Scaramucci: Trump 'controls the news cycle,' should tone down rhetoric

Scaramucci: Trump 'controls the news cycle,' should tone down rhetoric
© Taylor Lorenz

Former White House communications director Anthony ScaramucciAnthony ScaramucciBiden doubles down on normal at White House Pence, other GOP officials expected to skip Trump send-off Kelly says Trump can't admit to making mistakes: 'His manhood is at issue here' MORE said Sunday that President TrumpDonald TrumpNoem touts South Dakota coronavirus response, knocks lockdowns in CPAC speech On The Trail: Cuomo and Newsom — a story of two embattled governors McCarthy: 'I would bet my house' GOP takes back lower chamber in 2022 MORE should do more to "tone down" his political rhetoric following a week of politically tinged violence.

"I think in general, we've got to tone [the rhetoric] down," Scaramucci told CNN's Jake Tapper on "State of the Union."


"He's the President of the United States. He controls the news cycle and the bully pulpit, and he could do it," Scaramucci added. He suggested that Trump needs to lead the way after a Florida man's attempts to mail explosive devices to top members of the Democratic Party and the deadly shooting at a Pittsburgh synagogue that is being charged as a hate crime. 

Scaramucci also defended the president against charges of contributing to anti-Semitism.

"Well, look. The president, he has three Orthodox Jewish grandchildren," Scaramucci told CNN. "I've traveled to Israel four or five times ... it's not clear to me that people in Israel think the president is anti-Semitic."

Trump faced criticism this week for his rhetoric amid reports of explosive devices mailed to several top Democrats who have been personally targeted by Trump in past speeches, such as Hillary ClintonHillary Diane Rodham ClintonMedia circles wagons for conspiracy theorist Neera Tanden The Hill's Morning Report - Presented by The AIDS Institute - Senate ref axes minimum wage, House votes today on relief bill Democratic strategists start women-run media consulting firm MORE and billionaire Democratic mega-donor George Soros.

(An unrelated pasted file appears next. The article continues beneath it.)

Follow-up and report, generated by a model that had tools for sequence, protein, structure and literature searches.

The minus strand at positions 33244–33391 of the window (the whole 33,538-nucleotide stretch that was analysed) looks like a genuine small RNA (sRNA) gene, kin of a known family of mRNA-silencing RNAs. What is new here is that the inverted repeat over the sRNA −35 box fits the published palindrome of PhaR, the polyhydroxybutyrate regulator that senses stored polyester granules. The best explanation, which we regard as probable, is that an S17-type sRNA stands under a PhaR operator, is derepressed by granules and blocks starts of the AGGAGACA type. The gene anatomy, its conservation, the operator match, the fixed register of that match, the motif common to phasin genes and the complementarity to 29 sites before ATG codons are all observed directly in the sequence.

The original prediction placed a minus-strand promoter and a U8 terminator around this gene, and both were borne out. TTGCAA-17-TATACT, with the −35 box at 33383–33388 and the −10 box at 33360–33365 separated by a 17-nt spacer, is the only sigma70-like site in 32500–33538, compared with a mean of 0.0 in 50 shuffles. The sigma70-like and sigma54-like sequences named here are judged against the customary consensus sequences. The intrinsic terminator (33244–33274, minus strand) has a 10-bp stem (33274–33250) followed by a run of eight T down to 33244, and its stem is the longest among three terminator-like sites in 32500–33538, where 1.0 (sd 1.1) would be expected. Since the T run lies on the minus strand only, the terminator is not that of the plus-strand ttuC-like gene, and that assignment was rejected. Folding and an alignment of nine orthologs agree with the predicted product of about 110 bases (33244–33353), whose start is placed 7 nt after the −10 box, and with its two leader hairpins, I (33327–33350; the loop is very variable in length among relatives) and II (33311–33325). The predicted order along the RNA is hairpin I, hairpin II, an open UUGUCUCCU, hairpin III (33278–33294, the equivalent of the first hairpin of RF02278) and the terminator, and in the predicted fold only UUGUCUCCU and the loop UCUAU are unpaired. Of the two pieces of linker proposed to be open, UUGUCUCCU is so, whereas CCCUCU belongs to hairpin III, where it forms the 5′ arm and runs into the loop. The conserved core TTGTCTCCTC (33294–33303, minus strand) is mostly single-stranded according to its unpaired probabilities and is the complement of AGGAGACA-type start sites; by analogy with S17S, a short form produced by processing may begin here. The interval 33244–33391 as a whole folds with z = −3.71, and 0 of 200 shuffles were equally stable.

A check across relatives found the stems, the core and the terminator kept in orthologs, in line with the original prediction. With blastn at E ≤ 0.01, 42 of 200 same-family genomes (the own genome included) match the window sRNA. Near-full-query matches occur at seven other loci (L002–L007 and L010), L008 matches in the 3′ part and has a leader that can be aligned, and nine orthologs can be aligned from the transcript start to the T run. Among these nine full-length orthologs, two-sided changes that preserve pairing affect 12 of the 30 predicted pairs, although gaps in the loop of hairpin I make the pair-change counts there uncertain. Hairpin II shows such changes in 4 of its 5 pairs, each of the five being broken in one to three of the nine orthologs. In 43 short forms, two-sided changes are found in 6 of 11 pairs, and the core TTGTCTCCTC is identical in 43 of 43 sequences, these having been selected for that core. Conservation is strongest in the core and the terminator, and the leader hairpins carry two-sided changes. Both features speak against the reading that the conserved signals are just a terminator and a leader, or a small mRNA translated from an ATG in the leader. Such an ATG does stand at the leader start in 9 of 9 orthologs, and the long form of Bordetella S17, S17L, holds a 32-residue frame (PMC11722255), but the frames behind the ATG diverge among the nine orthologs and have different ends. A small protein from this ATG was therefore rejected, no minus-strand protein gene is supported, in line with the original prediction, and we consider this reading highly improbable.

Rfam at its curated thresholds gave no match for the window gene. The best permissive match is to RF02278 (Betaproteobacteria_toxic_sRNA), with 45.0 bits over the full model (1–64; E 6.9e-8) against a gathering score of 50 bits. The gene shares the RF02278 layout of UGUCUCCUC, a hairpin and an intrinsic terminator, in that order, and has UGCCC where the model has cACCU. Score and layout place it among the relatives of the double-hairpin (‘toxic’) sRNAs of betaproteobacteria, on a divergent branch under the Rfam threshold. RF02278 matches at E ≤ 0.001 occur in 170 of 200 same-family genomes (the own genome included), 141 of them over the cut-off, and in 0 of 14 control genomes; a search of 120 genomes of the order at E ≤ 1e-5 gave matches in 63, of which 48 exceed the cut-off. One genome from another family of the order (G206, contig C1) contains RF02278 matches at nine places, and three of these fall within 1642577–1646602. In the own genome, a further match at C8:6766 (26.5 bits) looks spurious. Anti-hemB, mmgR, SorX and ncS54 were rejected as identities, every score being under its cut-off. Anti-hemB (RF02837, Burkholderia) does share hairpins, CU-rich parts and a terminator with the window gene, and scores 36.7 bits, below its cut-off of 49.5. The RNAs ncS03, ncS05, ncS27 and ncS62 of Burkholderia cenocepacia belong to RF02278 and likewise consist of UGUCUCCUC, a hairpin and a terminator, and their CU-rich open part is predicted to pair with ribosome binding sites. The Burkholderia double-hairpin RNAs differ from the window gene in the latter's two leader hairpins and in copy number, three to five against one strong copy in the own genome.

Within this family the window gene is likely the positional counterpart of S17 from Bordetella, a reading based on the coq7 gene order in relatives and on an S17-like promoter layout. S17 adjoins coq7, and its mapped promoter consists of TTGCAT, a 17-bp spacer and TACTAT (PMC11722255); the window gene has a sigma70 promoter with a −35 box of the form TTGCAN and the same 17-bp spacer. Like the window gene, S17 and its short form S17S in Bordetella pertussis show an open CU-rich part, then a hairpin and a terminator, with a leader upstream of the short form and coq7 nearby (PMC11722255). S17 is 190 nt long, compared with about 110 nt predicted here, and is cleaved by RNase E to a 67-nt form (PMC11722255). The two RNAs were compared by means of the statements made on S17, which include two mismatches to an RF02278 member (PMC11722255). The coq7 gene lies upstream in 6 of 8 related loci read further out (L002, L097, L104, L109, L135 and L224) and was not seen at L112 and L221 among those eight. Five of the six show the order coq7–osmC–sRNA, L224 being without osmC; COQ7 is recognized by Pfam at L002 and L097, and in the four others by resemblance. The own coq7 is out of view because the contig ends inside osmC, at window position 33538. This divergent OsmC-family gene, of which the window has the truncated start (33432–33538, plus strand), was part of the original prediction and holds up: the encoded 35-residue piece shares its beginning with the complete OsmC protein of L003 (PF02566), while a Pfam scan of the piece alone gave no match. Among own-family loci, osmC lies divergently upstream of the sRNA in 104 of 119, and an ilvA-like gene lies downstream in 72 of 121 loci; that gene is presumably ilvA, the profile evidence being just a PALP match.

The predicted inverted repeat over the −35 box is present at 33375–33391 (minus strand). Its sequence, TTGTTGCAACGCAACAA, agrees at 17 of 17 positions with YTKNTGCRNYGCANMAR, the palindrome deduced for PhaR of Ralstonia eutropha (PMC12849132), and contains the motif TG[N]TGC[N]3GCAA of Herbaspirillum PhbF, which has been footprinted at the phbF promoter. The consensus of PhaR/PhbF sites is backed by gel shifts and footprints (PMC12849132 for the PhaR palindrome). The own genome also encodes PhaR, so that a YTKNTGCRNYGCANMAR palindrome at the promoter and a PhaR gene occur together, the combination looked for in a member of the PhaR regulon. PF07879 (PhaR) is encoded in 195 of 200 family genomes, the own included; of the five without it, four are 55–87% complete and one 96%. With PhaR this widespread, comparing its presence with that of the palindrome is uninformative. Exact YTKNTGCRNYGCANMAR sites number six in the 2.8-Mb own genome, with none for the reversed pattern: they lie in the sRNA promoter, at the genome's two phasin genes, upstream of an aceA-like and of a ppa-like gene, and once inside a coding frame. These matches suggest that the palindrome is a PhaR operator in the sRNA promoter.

"In these times, we have to unify. We have to come together and send one very clear, strong, unmistakable message that acts or threats of political violence of any kind have no place in the United States of America,” Trump said Wednesday, after the bomb threats. 

CNN president Jeff Zucker, whose own newsroom received a suspicious package addressed to former CIA director and current MSNBC contributor John BrennanJohn Owen BrennanOnline and frighteningly real: 'A Taste of Armageddon' The biggest example of media malfeasance in 2020 is... Meet Biden's pick to lead the US intelligence community MORE, responded by calling on the president and his top aides to take greater responsibility for their words.

"Their words matter. Thus far, they have shown no comprehension of that," Zucker said in a statement.

Trump has also explicitly condemned the Pittsburgh shooting as anti-Semitic

“If you don't mind, I'm going to tone it down, just a little bit," Trump said at a rally in Illinois Saturday night after the synagogue shooting.

"Is that okay?" he asked.

After the crowd responded with a 'No,” he said, "I had a feeling you might say that."

--This report was updated at 12:01 p.m.